Why Your Financial Advisor Should Always be a Fiduciary

Unsure what fiduciary means? That’s OK, most people don’t, but I aim to fix that. Believe it or not, there are different standards of care when it comes to hiring an advisor for financial advice. I think it’s just plain old common sense that your advisor should be a fiduciary.

“As an investment adviser, you are a “fiduciary” to your advisory clients. This means that you have a fundamental obligation to act in the best interests of your clients and to provide investment advice in your clients’ best interests. You owe your clients a duty of undivided loyalty and utmost good faith.”

There it is right from the Security and Exchange Commission website, and it’s one of the provisions of the Investment Advisors Act of 1940. You can read the whole definition here.

Who would want an advisor that doesn’t put his clients’ best interest first?!?!

I know you’re probably thinking, aren’t all financial advisors fiduciaries? No, if your advisor is a brokerage firm or an insurance agency, that broker and agent are not held to the legal obligation to act in your best interest. Instead, they follow the “suitability standard.”

That means a broker or agent can sell you an investment or insurance product that is suitable for you but doesn’t have to be in your best interest. That sentence cracks me up so much that I want you to read it again, slowly.

That means a broker or agent can sell you an investment or insurance product that is suitable for you, but doesn’t have to be in your best interest.

Pay no attention to the advisor behind the curtain

Who are they looking out for? The company they represent. Not you, chump. For example, if you want to invest in the S&P 500, a broker could find a fund that has high expense fees and maybe even a loan (loans are a whole other load of @#$# that I won’t get into here). That fund is certainly suitable, but don’t pay attention to the fact that there are probably 500 cheaper S&P 500 funds out there.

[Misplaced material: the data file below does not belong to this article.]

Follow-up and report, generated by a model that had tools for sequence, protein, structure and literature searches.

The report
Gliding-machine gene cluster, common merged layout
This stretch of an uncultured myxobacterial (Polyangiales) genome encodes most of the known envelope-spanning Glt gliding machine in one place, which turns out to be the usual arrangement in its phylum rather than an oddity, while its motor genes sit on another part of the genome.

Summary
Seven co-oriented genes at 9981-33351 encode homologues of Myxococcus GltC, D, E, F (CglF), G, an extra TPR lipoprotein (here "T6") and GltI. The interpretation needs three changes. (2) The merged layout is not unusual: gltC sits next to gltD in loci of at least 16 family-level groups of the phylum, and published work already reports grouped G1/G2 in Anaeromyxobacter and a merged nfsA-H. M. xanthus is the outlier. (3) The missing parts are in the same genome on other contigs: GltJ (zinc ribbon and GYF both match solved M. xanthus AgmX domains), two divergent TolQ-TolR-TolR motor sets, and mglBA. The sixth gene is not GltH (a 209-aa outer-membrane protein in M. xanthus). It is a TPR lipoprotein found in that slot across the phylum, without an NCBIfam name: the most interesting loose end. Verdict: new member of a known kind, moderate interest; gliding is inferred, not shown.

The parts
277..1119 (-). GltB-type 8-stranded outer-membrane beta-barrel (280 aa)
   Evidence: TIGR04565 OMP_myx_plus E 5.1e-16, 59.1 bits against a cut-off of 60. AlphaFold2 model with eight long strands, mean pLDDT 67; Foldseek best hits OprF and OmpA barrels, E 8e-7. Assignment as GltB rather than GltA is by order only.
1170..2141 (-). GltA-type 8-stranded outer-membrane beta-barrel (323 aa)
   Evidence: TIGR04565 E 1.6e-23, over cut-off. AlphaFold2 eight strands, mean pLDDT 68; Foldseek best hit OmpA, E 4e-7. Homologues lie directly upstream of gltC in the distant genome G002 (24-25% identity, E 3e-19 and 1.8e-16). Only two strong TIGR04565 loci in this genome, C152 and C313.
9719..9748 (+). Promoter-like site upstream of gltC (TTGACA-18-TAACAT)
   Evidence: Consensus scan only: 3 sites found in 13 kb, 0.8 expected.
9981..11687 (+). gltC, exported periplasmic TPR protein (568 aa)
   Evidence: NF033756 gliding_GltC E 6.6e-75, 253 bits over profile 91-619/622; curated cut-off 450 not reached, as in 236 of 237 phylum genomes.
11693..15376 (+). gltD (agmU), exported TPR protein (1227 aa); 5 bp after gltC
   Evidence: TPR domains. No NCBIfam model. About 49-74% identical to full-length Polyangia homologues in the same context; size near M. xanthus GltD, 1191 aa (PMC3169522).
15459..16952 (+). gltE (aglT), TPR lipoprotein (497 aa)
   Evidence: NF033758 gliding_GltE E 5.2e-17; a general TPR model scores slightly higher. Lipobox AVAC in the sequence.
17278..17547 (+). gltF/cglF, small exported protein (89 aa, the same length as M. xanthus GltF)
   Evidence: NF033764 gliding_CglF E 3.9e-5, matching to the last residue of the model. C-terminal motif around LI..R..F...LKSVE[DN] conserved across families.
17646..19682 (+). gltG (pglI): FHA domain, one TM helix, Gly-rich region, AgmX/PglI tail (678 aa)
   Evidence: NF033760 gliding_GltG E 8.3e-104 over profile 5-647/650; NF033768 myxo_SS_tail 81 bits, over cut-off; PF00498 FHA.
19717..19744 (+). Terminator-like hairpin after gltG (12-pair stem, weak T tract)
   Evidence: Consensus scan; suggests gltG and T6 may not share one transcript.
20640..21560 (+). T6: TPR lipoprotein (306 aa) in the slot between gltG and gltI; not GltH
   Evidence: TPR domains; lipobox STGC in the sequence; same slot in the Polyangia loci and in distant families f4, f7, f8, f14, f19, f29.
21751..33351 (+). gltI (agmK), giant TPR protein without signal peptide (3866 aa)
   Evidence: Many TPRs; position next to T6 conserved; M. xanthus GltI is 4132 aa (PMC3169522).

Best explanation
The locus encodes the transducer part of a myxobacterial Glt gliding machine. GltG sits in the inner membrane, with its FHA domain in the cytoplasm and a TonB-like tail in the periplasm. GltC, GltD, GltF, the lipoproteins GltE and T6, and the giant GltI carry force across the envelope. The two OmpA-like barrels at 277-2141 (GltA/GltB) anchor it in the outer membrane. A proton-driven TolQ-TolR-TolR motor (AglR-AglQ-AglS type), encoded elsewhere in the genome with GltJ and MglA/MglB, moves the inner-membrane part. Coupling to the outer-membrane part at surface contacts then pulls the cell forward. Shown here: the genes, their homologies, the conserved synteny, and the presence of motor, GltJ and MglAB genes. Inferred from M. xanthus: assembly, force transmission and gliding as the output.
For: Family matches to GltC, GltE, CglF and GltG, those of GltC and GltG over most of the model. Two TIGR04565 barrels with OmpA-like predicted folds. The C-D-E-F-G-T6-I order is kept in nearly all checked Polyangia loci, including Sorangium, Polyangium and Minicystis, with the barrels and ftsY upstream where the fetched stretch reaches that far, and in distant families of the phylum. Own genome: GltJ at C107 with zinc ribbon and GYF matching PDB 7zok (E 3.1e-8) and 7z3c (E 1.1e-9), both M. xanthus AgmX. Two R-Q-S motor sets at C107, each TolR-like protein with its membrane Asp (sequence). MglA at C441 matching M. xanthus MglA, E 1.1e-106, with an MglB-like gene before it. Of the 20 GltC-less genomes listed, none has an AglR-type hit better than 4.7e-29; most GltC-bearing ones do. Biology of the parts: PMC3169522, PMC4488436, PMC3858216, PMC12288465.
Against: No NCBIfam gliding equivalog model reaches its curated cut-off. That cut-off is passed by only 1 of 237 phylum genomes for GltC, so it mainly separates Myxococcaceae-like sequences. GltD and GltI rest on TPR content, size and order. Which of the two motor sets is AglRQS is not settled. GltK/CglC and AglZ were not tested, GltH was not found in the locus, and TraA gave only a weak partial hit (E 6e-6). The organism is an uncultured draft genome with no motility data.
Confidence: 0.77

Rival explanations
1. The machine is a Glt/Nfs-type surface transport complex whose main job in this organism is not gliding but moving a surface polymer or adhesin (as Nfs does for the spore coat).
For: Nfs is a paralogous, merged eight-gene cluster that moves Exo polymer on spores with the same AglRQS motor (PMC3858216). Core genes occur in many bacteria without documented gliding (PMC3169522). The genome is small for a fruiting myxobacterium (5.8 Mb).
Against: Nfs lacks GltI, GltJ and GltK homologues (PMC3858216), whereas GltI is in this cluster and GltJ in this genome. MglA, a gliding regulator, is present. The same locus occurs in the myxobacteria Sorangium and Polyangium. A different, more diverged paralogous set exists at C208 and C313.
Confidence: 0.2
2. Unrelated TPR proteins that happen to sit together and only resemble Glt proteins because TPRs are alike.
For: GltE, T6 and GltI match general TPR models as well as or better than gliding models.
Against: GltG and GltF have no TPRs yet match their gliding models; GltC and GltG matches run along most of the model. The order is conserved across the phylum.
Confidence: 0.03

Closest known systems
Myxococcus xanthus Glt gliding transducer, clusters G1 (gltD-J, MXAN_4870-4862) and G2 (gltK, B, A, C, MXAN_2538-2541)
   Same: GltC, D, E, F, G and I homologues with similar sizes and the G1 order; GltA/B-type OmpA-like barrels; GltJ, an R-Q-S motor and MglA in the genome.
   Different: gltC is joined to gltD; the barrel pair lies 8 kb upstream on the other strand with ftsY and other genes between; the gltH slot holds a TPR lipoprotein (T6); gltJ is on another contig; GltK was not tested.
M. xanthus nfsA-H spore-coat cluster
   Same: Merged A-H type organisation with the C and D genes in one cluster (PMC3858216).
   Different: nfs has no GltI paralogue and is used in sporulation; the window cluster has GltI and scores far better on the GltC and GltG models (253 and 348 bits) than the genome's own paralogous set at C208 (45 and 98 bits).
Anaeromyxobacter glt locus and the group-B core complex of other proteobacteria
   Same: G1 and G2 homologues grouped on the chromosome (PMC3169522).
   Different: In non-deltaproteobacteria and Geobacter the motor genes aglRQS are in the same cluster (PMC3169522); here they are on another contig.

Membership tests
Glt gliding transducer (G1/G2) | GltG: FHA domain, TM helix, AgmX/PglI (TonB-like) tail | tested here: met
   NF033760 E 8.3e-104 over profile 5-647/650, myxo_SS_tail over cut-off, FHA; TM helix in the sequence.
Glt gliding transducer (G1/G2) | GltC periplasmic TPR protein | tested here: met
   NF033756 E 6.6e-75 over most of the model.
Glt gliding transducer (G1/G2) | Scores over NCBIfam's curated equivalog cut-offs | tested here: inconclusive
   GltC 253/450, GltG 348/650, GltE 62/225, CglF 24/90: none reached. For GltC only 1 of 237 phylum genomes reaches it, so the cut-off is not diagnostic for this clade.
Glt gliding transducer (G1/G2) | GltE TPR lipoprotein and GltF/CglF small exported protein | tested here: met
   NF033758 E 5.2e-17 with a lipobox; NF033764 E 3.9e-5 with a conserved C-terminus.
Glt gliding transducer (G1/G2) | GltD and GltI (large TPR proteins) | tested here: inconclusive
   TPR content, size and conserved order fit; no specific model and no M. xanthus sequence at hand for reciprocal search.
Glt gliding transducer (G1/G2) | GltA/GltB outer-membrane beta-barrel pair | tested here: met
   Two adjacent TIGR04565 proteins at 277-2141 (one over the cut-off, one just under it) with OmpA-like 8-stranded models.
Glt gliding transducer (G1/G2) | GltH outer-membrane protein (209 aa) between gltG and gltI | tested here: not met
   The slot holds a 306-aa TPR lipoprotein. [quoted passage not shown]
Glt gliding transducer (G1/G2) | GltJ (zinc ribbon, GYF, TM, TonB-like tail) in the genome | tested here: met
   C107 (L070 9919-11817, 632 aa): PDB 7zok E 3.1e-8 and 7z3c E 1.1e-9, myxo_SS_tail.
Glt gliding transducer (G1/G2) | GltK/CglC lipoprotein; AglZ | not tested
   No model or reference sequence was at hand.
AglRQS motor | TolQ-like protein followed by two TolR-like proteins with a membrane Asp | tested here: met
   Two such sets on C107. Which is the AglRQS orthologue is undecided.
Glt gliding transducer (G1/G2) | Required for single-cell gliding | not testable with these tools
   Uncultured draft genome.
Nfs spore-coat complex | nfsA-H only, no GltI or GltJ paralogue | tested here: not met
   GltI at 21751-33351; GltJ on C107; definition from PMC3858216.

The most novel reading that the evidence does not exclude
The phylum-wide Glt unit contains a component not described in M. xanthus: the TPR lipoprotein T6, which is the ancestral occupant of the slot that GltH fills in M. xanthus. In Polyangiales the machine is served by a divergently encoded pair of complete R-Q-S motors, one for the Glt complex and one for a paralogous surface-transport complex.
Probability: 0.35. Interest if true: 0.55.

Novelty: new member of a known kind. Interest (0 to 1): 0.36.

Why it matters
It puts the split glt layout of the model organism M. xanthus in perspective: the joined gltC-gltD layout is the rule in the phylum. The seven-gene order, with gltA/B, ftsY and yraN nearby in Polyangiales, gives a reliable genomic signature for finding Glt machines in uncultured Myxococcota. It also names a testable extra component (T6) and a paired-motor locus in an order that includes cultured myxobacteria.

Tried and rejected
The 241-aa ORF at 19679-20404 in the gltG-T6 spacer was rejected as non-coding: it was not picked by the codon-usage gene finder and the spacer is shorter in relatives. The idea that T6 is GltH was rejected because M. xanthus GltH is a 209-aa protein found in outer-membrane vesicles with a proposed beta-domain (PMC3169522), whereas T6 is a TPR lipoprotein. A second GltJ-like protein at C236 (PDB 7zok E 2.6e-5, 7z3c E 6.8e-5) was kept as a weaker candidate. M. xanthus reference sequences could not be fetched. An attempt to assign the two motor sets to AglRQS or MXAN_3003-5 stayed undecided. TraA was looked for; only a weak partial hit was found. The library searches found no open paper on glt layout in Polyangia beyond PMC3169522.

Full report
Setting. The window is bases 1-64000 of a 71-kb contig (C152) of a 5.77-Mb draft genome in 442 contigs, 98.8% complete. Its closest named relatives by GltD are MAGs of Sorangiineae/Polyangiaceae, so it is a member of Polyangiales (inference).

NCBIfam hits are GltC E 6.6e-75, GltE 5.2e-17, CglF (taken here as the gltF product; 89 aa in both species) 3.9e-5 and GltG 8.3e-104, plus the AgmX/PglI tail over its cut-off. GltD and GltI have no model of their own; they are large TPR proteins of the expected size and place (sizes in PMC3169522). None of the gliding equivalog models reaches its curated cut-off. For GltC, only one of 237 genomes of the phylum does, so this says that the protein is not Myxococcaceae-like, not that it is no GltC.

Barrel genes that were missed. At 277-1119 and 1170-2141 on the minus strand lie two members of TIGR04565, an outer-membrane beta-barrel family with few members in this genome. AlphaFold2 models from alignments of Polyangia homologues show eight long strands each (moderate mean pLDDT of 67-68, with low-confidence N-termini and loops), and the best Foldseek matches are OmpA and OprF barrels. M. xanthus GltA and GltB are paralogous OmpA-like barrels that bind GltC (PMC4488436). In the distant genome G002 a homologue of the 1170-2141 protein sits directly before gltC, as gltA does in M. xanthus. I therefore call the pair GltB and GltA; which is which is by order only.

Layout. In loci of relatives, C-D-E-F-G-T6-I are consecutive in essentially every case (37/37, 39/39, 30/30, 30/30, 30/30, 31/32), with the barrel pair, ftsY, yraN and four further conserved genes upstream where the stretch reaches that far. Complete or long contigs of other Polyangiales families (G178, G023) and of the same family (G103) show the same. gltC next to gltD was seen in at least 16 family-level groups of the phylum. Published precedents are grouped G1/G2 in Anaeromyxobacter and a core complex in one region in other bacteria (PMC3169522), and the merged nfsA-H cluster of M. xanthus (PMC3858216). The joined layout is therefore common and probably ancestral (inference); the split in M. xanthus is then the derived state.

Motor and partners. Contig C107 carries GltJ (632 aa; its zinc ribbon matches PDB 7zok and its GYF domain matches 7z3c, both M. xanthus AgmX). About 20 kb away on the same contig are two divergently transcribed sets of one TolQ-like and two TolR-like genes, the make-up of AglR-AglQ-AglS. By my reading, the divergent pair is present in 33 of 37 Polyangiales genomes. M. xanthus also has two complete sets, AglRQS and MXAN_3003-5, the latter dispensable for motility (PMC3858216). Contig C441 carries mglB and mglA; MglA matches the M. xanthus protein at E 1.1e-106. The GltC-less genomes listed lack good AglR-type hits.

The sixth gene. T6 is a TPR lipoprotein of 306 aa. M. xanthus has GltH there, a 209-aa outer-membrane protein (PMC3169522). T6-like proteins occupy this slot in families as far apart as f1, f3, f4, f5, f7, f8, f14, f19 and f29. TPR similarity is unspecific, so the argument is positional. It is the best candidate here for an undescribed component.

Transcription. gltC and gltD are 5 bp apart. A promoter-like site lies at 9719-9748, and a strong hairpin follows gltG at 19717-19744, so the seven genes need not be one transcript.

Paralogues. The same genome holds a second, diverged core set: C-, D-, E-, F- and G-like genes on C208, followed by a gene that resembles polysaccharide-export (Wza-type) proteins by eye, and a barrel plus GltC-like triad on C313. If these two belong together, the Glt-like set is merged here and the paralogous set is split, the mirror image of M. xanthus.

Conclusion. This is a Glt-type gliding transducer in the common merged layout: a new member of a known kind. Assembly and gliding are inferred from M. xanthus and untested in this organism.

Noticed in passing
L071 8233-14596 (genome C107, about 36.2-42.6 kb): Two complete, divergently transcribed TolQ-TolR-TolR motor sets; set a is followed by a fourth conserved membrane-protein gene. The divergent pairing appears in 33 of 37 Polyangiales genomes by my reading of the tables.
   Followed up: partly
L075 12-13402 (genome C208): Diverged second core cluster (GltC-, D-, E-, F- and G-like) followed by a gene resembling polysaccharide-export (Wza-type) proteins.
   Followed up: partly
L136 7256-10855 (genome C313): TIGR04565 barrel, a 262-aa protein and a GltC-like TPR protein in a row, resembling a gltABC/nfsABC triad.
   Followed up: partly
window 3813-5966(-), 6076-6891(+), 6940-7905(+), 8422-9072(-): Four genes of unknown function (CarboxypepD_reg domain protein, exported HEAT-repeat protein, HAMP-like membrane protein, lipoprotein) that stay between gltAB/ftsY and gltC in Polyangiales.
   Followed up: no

Let me stop here and say brokers are not on the dark side. They do not report to the death star every morning. This is not a good versus an evil article. I know a number of great brokers, nice people, upstanding citizens, who treat their customers very well. Heck, I’d even let them babysit my children.  I wouldn’t want them to manage my money or give me advice.

Yes, there are bad apples in every business. We’ve all heard stories of fiduciaries that didn’t quite put their clients’ interest first, but 99% of the fiduciary advisors are looking out for their clients’ best interest.

The Fiduciary story gets worse, much worse

In April 2016 The Department of Labor issued its new fiduciary rule that would have made all financial advisors who provide retirement investment advice held to a “fiduciary standard” that will require them to put their client’s best interests first. It would have expanded the fiduciary duty to brokers and agents as well. Fees would have been required to be disclosed upfront, and it would have been harder for them to sell more expensive, not entirely suitable investments.

Unfortunately in 2018, the rule was squashed because of those with deep pockets in the industry who opposed it. In fact, to make matters worse the SEC has introduced  Regulation Best Interest, which was written by the business interests that want to screw the consumer. So not only was the Fiduciary Rule eliminated, but it was replaced by a piece of crap that will allow commission-based advisors to screw consumers even more.

“I am a small business and I am a Fiduciary”

They are only looking out for their own self-interest. Their interest to sell you overpriced, ill-suited investments without your knowledge. For goodness sakes, doctors, attorneys, and accountants put your interest first. There is no reason in the world that the person that provides you with financial advice shouldn’t as well.

I’m proud to be a fiduciary, but unfortunately, I can count on one hand how many times I’ve been asked if I am a fiduciary. To be more specific, I’m looking at three fingers. The most recent was this past spring.

I want to be asked if I’m a fiduciary every single time I get a phone call or an email from a potential client. That is how every initial conversation should go with your financial advisor. If you have no idea if your advisor is a fiduciary, email or call them right now. The answer may surprise you.


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